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Yesterday’s post explained the reasons and history behind spiritual discipline during Lent.
Below are some suggestions for Lent for those who would like to do something a bit different.
When I was younger, I used to give up desserts in addition to observing Friday (and Ash Wednesday) fasts. A few years ago, I tried eating only one meal a day. As I was no longer working in town, there was no reason why it couldn’t be done. Since then, I’ve kept this up, rarely eating after dinner.
The ketogenic diet — high fat, moderate protein, very low carbohydrate — has helped greatly in this regard.
Dietary advice: the old ways are the best (my own story on the ketogenic diet)
A high fat and low carbohydrate way of eating is also very good in treating a variety of physical and mental medical conditions. (Some readers might need to discuss it with their doctor first.) Feeling better helps us to become better ambassadors for Christ:
Fat and a balanced mind (low-fat diets can imbalance serotonin and nerves)
High carbohydrate intake and depression (also epilepsy related [Dr Richard A Kunin’s paper])
High-carb, low-fat diets might cause Western diseases (cancer related)
Now that I am older and understand it better, sanctification has become more important. Part of this lifelong undertaking includes Bible study.
A few years ago, I was undertaking Bible reading every day during Lent. One year later, I had read it all. Would that I had done so before. These posts of mine explore methods of reading the entirety of Scripture which lend themselves to our busy modern lives:
Prayer is also vital to sanctification — our growth as Christians. However, a question mark remains over certain New Age practices which have migrated into the Church:
These suggestions are not to be construed as persuasion to adopt a Lenten discipline. As the Lutheran Pastor Abrahamson said, it is not obligatory nor is it salvific. However, many like to use these 40 days to further their personal sanctification but are not quite sure how to go about it.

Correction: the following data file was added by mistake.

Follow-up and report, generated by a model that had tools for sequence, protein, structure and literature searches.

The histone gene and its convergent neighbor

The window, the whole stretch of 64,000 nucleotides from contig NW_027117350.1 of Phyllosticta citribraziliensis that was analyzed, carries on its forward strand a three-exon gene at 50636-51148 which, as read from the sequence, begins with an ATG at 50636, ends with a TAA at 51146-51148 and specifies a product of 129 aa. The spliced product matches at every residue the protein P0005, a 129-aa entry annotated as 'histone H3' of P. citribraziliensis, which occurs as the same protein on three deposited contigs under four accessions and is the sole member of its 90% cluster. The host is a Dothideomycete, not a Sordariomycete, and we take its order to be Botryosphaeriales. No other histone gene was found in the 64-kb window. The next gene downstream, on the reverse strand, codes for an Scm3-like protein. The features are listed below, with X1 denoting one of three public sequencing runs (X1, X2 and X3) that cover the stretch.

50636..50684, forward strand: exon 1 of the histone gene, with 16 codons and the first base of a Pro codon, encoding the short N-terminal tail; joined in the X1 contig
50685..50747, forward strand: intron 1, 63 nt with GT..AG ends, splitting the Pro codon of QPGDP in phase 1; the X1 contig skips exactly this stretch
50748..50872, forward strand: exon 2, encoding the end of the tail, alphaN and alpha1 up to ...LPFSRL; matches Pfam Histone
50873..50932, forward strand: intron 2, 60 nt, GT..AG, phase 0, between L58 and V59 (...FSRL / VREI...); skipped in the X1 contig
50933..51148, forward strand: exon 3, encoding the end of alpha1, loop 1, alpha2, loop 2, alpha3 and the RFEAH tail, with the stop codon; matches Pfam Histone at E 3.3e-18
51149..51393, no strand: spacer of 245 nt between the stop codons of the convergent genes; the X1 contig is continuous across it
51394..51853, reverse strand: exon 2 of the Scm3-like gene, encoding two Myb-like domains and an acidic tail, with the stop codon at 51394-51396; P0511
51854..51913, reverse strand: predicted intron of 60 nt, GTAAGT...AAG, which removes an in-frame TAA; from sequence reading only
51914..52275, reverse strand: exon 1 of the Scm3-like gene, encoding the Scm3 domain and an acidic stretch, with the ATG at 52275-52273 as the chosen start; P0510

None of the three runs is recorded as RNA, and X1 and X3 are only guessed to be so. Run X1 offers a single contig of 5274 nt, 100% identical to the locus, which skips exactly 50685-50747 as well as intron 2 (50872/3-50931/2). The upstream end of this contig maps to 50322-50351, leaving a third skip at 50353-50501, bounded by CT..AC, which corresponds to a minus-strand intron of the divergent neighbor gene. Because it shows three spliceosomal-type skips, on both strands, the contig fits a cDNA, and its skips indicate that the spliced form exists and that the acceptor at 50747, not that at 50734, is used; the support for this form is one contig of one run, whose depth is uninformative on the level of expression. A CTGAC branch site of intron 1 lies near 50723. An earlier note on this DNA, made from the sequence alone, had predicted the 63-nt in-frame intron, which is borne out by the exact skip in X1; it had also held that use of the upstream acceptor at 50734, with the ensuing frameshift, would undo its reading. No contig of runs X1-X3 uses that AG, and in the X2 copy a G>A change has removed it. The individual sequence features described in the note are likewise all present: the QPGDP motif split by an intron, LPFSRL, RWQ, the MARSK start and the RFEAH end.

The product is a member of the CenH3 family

I pray that those of us undertaking something special are able to keep a good Lent.
For Catholics, Anglicans and Lutherans Ash Wednesday marks the beginning of Lent which ends the evening of Holy Saturday, the day before Easter.
The concept of Lent offends a number of Protestants who say that every day should be considered one of repentance. Others add that this is an extra-biblical or pagan practice, something many believers have gleaned from the Free Church of Scotland minister Alexander Hislop‘s book The Two Babylons.
In ‘Redeeming Holy Days from Pagan Lies — Ash Wednesday and Lent’ Abrahamson tells us that St Athanasius — and other doctors of the Church before him — took Lenten disciplines seriously in the earliest days of Christianity.
Pastor Abrahamson cites St Athanasius’s text from the fourth century (emphases mine below):
6. The beginning of the fast of forty days is on the fifth of Phamenoth (Mar. 1); and when, as I have said, we have first been purified and prepared by those days, we begin the holy week of the great Easter on the tenth of Pharmuthi (Apr. 5), in which, my beloved brethren, we should use more prolonged prayers, and fastings, and watchings, that we may be enabled to anoint our lintels with precious blood, and to escape the destroyer4021. Let us rest then, on the fifteenth of the month Pharmuthi (Apr. 10), for on the evening of that Saturday we hear the angels’ message, ‘Why seek ye the living among the dead? He is risen4022.’ Immediately afterwards that great Sunday receives us, I mean on the sixteenth of the same month Pharmuthi (April 11), on which our Lord having risen, gave us peace towards our neighbours. When then we have kept the feast according to His will, let us add from that first day in the holy week, the seven weeks of Pentecost, and as we then receive the grace of the Spirit, let us at all times give thanks to the Lord; through Whom to the Father be glory and dominion, in the Holy Ghost, for ever and ever. Amen.